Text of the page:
In 1968, a group of female autoworkers at the Ford plant in the British town of Dagenham went on strike, demanding wages equal to those of their male co-workers and official recognition as semi-skilled workers (their job was to sew seat covers). The three-week strike led not only to a pay raise for Ford’s female employees but also to the eventual passage of a law in the U.K. requiring equal pay for women. It’s a landmark historical event, but the fictionalized drama Made in Dagenham turns it into a series of feel-good platitudes, crafting composite characters and inventing storylines to mold the events into a whimsical dramedy along the lines of director Nigel Cole’s past work (Calendar Girls, Saving Grace).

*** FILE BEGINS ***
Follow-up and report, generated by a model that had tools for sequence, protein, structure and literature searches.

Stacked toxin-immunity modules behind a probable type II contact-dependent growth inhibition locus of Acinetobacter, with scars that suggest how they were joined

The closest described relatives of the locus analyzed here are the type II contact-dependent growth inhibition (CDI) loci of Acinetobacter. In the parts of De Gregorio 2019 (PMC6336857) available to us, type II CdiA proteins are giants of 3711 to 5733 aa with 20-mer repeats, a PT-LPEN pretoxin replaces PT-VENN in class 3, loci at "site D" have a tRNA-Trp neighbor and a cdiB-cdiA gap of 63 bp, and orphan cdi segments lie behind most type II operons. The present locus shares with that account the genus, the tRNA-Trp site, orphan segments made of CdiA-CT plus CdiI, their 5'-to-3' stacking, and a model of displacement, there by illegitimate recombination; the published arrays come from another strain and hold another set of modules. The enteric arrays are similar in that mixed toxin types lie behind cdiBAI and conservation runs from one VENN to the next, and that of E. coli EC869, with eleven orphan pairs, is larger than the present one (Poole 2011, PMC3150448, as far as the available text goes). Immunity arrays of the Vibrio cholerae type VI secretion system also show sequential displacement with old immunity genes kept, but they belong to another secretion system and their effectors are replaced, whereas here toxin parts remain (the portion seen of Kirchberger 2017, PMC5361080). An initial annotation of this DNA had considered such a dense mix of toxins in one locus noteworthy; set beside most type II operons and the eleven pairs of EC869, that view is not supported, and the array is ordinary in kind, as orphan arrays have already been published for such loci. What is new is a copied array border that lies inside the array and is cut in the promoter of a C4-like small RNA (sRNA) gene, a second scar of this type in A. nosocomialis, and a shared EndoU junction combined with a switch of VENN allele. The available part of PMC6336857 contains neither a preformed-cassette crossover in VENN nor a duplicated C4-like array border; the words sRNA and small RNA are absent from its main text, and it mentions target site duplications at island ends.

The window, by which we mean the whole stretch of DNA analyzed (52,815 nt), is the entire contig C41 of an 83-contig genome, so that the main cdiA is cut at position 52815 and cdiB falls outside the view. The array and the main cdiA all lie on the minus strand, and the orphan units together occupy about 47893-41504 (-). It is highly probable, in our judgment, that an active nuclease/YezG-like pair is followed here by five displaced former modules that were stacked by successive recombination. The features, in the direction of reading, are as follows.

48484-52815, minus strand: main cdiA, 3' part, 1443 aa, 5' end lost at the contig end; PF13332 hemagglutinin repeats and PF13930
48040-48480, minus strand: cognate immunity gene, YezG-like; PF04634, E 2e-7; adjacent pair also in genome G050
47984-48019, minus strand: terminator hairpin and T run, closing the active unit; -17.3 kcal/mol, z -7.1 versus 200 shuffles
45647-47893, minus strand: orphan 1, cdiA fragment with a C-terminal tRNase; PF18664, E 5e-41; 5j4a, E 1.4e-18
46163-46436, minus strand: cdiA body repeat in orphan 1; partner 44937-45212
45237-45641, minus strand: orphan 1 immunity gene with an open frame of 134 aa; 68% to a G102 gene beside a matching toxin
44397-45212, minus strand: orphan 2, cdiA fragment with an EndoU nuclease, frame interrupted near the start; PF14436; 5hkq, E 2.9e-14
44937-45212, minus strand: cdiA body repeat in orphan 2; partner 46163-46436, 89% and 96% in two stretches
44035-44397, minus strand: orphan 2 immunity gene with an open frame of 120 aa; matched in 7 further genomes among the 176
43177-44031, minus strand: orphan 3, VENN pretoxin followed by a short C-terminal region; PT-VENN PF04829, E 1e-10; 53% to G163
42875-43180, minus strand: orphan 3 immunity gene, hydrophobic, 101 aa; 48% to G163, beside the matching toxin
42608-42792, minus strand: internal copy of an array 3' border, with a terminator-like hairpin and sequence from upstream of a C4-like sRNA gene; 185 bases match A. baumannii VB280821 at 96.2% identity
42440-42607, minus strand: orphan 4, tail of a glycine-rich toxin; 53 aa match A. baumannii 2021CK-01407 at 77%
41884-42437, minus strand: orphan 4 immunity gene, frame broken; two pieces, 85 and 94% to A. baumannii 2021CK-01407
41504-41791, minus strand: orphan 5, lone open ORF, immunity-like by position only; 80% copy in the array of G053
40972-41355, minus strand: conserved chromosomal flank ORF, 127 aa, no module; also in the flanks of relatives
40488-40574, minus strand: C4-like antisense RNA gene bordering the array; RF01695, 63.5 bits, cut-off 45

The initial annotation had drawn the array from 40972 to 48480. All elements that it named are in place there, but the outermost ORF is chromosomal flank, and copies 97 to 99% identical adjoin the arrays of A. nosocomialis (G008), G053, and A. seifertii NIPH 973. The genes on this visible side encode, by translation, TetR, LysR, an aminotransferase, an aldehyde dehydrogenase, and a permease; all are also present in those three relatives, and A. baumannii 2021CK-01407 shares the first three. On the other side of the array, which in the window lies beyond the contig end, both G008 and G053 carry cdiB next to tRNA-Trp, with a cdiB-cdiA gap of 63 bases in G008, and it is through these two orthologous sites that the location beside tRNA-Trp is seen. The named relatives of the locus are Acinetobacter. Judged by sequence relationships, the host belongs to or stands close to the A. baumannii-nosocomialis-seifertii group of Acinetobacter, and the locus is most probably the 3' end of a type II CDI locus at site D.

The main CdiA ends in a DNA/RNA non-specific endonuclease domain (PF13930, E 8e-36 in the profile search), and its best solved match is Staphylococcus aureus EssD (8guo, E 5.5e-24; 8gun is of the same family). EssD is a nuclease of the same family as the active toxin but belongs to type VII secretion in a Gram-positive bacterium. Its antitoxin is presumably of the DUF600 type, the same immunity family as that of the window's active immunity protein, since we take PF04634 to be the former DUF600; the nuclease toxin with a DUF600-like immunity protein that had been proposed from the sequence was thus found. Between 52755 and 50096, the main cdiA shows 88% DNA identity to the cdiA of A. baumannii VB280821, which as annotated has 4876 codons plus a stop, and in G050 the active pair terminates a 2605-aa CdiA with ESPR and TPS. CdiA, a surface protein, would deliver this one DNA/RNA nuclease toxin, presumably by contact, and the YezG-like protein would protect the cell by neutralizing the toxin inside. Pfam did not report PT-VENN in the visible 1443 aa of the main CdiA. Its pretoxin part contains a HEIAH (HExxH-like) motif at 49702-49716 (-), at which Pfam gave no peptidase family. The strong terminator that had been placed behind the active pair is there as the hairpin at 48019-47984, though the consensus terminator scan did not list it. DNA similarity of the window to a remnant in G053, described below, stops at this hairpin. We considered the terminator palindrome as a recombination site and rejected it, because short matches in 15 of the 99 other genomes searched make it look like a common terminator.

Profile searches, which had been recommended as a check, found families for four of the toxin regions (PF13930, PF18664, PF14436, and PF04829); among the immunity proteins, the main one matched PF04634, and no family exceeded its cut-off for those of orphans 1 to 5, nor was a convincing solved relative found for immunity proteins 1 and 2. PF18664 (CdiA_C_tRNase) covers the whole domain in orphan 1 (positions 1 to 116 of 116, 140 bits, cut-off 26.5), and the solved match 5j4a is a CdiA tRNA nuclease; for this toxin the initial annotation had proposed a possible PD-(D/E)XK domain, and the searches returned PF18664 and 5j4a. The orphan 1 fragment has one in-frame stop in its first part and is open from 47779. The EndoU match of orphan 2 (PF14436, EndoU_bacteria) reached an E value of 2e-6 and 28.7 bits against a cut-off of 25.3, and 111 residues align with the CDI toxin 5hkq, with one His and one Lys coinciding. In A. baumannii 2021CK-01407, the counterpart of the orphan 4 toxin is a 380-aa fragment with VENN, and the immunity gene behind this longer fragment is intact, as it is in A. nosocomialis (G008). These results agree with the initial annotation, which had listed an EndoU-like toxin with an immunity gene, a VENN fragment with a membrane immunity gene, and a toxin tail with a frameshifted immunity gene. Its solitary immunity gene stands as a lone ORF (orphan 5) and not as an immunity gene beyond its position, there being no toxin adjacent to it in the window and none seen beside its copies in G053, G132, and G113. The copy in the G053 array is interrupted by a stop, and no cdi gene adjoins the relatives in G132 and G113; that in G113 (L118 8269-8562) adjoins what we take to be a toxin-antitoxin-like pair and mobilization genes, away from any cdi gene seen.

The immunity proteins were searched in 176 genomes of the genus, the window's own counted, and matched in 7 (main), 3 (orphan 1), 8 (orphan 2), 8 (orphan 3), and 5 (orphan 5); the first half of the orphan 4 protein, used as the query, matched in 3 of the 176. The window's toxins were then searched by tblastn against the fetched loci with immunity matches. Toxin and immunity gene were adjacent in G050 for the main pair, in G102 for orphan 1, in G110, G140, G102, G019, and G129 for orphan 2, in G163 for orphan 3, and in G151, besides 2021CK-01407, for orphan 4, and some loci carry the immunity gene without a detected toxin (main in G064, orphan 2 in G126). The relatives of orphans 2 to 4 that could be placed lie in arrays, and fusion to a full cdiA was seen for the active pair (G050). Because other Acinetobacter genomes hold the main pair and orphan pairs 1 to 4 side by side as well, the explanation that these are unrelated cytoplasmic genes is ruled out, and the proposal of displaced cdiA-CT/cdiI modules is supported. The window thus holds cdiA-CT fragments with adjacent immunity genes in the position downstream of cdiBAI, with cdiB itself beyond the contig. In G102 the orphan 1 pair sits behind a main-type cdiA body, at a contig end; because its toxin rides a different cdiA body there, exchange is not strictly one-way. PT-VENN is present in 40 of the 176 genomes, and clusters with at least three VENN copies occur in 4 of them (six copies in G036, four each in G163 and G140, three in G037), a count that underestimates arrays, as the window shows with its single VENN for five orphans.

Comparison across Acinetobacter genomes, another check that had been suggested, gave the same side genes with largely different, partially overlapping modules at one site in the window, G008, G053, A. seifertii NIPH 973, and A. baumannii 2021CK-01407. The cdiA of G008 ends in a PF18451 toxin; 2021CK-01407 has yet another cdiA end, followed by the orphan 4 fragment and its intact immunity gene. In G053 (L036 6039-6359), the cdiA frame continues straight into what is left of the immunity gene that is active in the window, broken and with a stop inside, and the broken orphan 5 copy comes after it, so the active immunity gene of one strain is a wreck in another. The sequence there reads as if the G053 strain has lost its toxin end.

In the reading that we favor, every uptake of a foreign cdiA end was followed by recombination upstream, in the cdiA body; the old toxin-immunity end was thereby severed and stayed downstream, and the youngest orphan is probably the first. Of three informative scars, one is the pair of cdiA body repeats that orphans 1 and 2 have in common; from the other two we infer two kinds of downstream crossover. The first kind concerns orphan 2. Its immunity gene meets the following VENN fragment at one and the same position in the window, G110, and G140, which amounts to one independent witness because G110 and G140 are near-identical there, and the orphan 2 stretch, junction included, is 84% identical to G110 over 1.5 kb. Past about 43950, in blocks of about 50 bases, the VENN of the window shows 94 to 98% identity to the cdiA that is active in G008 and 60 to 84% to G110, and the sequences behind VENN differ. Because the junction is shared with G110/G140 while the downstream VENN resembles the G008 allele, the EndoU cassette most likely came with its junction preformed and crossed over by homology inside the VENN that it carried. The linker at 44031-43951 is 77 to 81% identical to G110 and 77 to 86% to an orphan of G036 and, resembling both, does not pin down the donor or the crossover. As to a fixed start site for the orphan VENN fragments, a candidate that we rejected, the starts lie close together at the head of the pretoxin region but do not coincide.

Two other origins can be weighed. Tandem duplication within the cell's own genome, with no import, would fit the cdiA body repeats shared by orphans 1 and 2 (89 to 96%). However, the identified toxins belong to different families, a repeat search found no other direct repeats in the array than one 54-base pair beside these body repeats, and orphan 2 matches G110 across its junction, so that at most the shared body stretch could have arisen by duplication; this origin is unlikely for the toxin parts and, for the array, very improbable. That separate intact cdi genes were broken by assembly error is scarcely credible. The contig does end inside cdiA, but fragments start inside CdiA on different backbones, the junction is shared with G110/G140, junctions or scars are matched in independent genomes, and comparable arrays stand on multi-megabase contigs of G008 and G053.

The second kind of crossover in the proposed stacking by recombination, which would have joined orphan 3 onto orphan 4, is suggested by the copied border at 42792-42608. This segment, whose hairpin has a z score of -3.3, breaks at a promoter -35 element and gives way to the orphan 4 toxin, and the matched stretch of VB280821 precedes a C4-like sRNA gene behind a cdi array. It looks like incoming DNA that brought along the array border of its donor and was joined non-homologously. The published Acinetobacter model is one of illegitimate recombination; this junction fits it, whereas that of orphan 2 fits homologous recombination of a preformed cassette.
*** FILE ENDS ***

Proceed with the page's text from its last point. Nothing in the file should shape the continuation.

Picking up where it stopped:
That’s not to say it isn’t sometimes entertaining. Sally Hawkins is charming as the film’s invented leader of the strike, spunky machinist Rita O’Grady, who goes from tentatively accompanying her union rep (Bob Hoskins) on meetings to rallying her fellow women to demand far more than was originally planned: nothing less than a complete overhaul of Ford’s pay policies. Rita gets a predictable story arc as her put-upon husband starts feeling neglected, and her fellow workers fit neatly into the various types that usually populate movies like this (the aging stalwart, the young tart). Cole brings a sense of fun to the proceedings, and it’s easy to root for these women as they fight for what they obviously deserve.
But while Made in Dagenham is passably amusing, it’s clearly not worth much as history, and its rote parade of obvious plot points can get tiresome. The movie ends with footage of some of the real women who went on strike, still feisty and defiant as senior citizens. A documentary about them might not have been as tidy and convenient, but it probably would have left more of an impact.